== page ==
Mayhaps it's the hot steamy weather but every summer I fill my imaginary book bag with heady, learned treatise to get me through the summer. Autodidact is me, by golly.
Then reality sets in. With the equinox my mind turns to mush and I return like the swallows to the same place on the book shelves, those reserved for summer reading only. Mostly the short stories of southern writers, Faulkner, Twain, Capote, Welty. I tell myself, that this is the year I'll get through something by Conroy, but other than an old Esquire article or two, I just can't do it. Maugham gets thrown in the mix too. Can you imagine reading Maugham in the cold? It's beyond my comprehension.
I'm inexplicably drawn to a time, just before my time, in other hot, steamy settings. To my mind's eye no one does hot better than Southern American writers.
A week before Labor Day,I close out the season, with Hemingway's, "Islands in the Stream". I prefer this to all other Hemingway. For me it's the ultimate back to school story, speaking personally to me as a father. It gets me every time.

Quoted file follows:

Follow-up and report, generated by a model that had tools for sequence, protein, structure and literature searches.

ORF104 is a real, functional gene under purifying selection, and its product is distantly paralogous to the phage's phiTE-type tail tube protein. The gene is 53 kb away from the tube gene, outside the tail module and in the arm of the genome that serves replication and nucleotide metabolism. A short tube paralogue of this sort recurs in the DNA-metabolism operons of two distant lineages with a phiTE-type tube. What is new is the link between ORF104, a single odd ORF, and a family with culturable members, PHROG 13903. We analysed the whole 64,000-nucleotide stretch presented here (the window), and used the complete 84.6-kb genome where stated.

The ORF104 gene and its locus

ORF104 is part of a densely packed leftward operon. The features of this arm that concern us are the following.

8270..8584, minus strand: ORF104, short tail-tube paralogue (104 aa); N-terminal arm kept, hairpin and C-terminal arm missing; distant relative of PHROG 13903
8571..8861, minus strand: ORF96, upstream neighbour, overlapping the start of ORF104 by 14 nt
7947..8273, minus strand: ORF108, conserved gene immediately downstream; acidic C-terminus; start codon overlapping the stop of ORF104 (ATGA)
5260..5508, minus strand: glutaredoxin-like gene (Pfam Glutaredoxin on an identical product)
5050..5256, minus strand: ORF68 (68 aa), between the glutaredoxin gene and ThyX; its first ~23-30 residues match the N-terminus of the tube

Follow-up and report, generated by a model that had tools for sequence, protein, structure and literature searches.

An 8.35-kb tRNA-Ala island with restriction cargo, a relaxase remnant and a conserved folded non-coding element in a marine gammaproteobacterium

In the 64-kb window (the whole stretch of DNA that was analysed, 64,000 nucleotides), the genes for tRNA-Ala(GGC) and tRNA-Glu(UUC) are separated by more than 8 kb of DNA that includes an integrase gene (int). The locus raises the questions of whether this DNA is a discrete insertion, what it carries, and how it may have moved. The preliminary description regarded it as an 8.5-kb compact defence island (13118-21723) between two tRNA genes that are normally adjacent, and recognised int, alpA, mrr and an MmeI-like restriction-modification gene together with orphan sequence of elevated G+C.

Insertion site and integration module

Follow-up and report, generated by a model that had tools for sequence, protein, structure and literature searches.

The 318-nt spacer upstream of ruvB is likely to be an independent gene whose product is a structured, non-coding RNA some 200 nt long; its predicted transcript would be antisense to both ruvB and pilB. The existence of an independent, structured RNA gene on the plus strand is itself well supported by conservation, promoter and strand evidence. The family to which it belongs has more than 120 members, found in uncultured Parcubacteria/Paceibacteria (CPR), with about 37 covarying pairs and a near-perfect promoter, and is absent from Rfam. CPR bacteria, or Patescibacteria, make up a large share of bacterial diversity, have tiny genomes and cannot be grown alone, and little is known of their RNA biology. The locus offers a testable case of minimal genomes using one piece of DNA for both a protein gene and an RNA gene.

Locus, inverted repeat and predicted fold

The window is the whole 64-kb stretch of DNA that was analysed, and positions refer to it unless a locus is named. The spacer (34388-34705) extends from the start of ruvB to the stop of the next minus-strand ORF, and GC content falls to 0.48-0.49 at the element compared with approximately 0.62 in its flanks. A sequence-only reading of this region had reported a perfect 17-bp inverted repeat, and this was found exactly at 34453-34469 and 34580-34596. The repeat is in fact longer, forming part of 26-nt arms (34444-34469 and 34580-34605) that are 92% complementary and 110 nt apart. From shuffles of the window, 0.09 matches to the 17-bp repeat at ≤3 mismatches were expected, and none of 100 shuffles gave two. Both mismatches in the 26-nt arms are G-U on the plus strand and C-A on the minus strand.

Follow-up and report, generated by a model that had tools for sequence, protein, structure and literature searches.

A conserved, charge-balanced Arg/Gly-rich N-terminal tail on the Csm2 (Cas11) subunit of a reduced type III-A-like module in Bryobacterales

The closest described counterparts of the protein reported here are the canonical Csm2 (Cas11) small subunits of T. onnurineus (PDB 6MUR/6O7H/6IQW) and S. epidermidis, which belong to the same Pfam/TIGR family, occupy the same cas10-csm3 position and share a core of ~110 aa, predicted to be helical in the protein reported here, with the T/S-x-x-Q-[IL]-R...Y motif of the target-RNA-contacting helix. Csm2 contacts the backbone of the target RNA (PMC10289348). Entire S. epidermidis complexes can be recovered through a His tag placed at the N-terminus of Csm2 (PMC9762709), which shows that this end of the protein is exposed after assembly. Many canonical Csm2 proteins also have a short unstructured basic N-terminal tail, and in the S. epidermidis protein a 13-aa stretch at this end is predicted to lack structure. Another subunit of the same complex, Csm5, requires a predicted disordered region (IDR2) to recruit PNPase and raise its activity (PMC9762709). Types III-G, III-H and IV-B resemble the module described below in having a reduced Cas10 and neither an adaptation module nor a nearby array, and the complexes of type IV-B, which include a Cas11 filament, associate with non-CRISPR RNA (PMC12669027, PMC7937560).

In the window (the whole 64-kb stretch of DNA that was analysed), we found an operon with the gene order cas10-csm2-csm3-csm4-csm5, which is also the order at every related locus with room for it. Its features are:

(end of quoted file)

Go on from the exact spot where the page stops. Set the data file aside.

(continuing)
I am embarrassed to not know there the following quote came from. It's a comment to a blog post. Who's I no longer have a clue, and I never knew whose comment it was. My apologies to both, and will happily give hearty praise if either or both can be identified.
The quote obviously has to do with how to read Kipling. It's exquisite. I'd kill to have the skill to write this paragraph. Although unsaid, I feel it also applies to every pre-electronic author. During the dog days, consider the author, laboring in self imposed exile in Oxford, Key West or Connecticut.
"Read him slowly, dear girl, you must read Kipling slowly, watch carefully where the commas fall so you can discover the natural pauses. He is a writer who used pen and ink. He looked up from the page a lot, I believe, stared through his window and listened to birds, as most writers who are alone do. Some do not know the names of birds, though he did. Your eye is too quick and North American. Think about the speed of his pen. What an appalling, barnacled old first paragraph it is otherwise."
1 hour ago